A domain operated by ‘pirate’ IPTV provider PrimeStreams is causing concern among users today. Instead of displaying the usual service portal, it quickly redirects to the ominous anti-piracy warning of the Alliance for Creativity and Entertainment. However, if one looks closely at the mechanics, this is not a seizure carried out by ACE but probably the work of a malicious actor.
In early December, Helix Hosting became the first reported case. Its homepage was defaced with a message explaining that the service had been asked to pay a ransom or face having its customer database leaked online.
Just a few days later, PrimeStreams became the victim of similar blackmail efforts. Its operator revealed that a weak password had been exploited and that 10 bitcoin was being demanded in order to prevent the service’s confidential data from being exposed to the world.
Unconfirmed reports indicated that other services were also targeted in December, which may or may not have settled in the face of similar threats. However, PrimeStreams’ situation appears to be ongoing as a quick visit to what used to be its main servicing domain (PrimeStreams.store) reveals a rather ominous message.
This countdown-timer message usually indicates that a domain has been taken over by the Alliance for Creativity and Entertainment, the global anti-piracy coalition headed up by the MPA. It is currently displayed on dozens of file-sharing and IPTV platforms, commonly after they have reached some kind of settlement with the world’s largest entertainment groups. Vaders and Openload are two of the most obvious examples.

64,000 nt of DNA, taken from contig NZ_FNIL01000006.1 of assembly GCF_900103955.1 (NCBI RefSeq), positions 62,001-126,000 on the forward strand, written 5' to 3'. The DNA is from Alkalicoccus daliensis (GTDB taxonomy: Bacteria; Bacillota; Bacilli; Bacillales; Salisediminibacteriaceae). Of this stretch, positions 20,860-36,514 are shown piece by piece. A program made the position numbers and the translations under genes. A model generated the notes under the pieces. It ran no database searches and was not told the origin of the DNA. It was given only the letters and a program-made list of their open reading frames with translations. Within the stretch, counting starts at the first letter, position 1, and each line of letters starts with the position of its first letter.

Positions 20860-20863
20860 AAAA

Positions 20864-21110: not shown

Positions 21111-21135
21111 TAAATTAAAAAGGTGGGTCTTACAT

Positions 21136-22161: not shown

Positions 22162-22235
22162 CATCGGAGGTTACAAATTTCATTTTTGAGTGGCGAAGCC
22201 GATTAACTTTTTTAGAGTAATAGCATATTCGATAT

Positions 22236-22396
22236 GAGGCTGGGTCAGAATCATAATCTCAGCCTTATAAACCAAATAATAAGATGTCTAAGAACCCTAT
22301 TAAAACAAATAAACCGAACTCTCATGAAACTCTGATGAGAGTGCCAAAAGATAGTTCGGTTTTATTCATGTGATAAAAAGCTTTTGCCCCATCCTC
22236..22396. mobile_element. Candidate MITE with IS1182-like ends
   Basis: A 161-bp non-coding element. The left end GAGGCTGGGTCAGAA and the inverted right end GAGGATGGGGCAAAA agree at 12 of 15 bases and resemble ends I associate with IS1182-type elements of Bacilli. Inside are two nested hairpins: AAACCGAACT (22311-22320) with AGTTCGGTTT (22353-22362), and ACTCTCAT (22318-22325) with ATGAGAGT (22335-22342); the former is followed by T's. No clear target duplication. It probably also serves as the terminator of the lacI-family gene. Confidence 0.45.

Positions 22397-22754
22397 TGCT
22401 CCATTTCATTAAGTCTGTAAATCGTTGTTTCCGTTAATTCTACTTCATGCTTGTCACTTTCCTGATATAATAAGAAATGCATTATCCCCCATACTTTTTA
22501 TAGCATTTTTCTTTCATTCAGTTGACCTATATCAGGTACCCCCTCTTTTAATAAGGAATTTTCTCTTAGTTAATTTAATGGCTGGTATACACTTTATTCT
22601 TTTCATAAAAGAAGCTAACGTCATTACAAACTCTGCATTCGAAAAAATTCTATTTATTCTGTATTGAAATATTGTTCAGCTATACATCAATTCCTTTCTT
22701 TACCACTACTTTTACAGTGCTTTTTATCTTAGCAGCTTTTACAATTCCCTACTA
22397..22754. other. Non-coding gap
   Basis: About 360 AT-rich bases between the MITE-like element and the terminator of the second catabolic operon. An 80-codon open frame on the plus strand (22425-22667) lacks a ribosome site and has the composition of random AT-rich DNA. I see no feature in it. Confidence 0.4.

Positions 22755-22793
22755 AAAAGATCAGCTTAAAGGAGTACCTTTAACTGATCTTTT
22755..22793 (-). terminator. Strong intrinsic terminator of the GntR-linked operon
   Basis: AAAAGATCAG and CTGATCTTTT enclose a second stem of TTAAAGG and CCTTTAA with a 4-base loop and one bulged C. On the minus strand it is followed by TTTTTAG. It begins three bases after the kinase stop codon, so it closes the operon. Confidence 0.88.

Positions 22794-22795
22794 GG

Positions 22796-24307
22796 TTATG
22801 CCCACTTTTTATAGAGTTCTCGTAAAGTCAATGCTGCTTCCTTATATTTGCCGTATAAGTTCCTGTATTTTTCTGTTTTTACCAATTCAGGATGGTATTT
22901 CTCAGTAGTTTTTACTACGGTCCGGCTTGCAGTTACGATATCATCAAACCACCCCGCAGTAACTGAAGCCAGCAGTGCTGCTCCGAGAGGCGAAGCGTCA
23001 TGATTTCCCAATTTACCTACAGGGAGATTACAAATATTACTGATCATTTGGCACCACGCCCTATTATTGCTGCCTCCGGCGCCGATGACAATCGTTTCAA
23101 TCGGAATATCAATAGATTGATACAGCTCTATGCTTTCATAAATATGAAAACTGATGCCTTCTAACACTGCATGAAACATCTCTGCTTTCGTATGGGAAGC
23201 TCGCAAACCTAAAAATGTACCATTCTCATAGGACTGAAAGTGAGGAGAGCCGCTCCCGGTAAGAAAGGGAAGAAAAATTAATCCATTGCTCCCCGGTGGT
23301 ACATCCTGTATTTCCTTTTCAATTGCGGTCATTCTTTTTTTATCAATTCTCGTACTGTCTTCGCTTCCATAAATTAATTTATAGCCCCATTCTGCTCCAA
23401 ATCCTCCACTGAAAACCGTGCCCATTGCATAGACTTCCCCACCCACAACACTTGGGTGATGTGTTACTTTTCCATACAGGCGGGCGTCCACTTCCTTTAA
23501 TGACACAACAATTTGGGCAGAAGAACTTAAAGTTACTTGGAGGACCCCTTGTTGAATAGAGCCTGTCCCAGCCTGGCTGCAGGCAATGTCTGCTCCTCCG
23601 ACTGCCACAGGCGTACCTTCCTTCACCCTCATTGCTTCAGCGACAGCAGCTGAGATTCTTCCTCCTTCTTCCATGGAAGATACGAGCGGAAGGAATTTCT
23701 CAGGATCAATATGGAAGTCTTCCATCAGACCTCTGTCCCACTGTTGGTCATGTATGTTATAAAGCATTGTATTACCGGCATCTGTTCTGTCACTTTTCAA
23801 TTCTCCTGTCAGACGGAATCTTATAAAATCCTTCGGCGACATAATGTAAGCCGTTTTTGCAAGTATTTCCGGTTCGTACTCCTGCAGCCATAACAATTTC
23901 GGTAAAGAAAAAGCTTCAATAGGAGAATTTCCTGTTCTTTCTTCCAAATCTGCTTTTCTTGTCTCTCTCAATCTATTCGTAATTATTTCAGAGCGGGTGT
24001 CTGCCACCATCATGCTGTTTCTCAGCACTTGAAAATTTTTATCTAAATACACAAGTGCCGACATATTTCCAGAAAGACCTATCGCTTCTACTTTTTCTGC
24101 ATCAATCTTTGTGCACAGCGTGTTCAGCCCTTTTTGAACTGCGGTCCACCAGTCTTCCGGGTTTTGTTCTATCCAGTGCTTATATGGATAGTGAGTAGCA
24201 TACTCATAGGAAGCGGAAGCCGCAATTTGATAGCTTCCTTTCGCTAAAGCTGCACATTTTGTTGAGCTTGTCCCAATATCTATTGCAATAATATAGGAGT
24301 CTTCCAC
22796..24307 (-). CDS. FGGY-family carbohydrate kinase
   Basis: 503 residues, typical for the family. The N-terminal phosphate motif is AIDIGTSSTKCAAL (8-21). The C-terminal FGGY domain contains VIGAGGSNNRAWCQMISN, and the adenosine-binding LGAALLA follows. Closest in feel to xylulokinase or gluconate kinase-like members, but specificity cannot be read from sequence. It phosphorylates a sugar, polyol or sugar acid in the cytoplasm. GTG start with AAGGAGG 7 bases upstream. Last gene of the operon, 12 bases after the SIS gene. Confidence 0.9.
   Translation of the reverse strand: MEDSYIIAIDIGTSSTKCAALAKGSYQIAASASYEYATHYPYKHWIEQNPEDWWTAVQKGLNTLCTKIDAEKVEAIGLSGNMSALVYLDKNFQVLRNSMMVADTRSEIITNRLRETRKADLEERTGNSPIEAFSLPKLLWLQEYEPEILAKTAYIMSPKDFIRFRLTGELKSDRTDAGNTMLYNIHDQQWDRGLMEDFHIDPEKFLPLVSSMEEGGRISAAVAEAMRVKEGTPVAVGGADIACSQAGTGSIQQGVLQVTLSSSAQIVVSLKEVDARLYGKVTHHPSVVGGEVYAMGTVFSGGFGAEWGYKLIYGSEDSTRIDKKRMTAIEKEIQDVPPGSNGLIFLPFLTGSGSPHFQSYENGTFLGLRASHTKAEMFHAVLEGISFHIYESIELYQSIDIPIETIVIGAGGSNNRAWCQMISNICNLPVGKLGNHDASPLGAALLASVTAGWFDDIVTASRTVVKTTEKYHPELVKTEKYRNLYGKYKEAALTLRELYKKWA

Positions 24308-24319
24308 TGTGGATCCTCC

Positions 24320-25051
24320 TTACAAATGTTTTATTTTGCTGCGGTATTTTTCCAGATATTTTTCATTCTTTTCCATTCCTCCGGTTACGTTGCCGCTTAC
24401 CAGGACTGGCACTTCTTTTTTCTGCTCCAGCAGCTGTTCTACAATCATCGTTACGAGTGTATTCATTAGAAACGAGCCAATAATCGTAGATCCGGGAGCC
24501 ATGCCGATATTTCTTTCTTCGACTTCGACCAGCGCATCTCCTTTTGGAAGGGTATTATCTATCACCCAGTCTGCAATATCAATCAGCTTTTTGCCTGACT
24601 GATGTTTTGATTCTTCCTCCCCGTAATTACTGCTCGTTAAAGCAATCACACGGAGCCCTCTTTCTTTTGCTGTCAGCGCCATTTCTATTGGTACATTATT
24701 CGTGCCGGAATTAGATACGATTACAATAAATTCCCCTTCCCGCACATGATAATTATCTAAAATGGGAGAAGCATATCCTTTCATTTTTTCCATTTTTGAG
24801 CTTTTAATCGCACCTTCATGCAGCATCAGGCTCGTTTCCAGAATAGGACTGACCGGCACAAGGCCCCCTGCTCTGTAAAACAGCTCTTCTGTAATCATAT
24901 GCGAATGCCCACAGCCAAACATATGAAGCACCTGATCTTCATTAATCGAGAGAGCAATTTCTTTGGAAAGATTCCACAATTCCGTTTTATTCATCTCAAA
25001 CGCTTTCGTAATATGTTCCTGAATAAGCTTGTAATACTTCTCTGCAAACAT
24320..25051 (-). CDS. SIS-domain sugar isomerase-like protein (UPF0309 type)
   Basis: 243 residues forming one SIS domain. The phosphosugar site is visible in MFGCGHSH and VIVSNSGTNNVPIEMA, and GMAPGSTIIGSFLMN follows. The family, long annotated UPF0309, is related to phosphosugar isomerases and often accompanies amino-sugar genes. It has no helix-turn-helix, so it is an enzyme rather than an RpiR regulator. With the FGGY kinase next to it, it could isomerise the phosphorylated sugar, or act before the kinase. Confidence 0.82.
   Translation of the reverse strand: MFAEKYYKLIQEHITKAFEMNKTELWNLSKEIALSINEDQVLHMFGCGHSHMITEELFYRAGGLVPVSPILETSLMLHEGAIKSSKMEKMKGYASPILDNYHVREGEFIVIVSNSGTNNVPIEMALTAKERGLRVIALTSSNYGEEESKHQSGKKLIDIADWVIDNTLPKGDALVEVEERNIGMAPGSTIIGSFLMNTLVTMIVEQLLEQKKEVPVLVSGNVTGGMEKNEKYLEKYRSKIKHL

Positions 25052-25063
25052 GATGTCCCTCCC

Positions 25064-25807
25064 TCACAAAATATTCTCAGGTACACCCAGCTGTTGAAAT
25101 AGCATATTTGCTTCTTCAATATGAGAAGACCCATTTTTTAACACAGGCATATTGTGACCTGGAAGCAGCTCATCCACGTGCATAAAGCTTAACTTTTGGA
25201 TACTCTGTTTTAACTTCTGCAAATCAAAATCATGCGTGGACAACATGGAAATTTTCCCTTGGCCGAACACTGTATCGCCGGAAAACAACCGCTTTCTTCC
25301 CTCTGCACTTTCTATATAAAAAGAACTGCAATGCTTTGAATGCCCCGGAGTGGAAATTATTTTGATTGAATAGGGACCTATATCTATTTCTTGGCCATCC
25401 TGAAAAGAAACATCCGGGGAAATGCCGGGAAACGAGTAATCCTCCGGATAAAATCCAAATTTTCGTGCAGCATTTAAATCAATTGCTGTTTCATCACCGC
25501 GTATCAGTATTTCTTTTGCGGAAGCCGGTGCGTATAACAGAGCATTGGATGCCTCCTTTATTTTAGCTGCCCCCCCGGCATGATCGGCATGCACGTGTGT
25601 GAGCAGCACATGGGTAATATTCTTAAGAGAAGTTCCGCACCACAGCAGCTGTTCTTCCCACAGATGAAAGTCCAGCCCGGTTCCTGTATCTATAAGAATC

Of course, seeing that message will probably be enough to send many customers running for the hills but the truth is relatively easy to uncover. This isn’t a domain seizure carried out by ACE but most probably the work of a malicious actor, as a dive into the domain’s details reveal.
As the image above shows, at the time of writing the PrimeStreams domain is using the services of Njalla, the domain registration and hosting service closely associated with Pirate Bay co-founder Peter Sunde. That doesn’t mean that Njalla has anything to do with the issue, of course, but it does indicate in a particularly clear way that ACE isn’t the entity in control here.
When ACE does take control of a domain, Openload.co for example, there are many tell-tale signs that the seizure is legitimate, including the use of the MPA’s own nameservers, redirection to certain banks of servers in the United States, not to mention contact details that relate to bodies and individuals at the MPA.
If we rule out the highly unlikely possibility that the operator of PrimeStreams redirected his own domain to ACE’s anti-piracy servers, then we’re left with a situation that was most probably engineered by a malicious actor. Whether that was the same person who threatened the site in December is unknown but losing a domain to an unauthorized third-party is an extremely serious matter.
The double-edged sword here is the involvement of Njalla. While there’s a possibility that there might be an element of sympathy at the sight of an unlawful hack (not to mention that some of the team were previously involved in The Pirate Bay and Piratbyrån), Njalla is utterly militant when it comes to the privacy of its users so may not even be able to help.
That might have played a part in PrimeStreams’ decision to dump this domain entirely and transfer to a new one. The big question, however, was whether the service had any more big security headaches waiting to kick in. Sure enough, within hours of going live, incredibly that domain was ‘hacked’ as well.
In the meantime, ACE gets yet another traffic boost.
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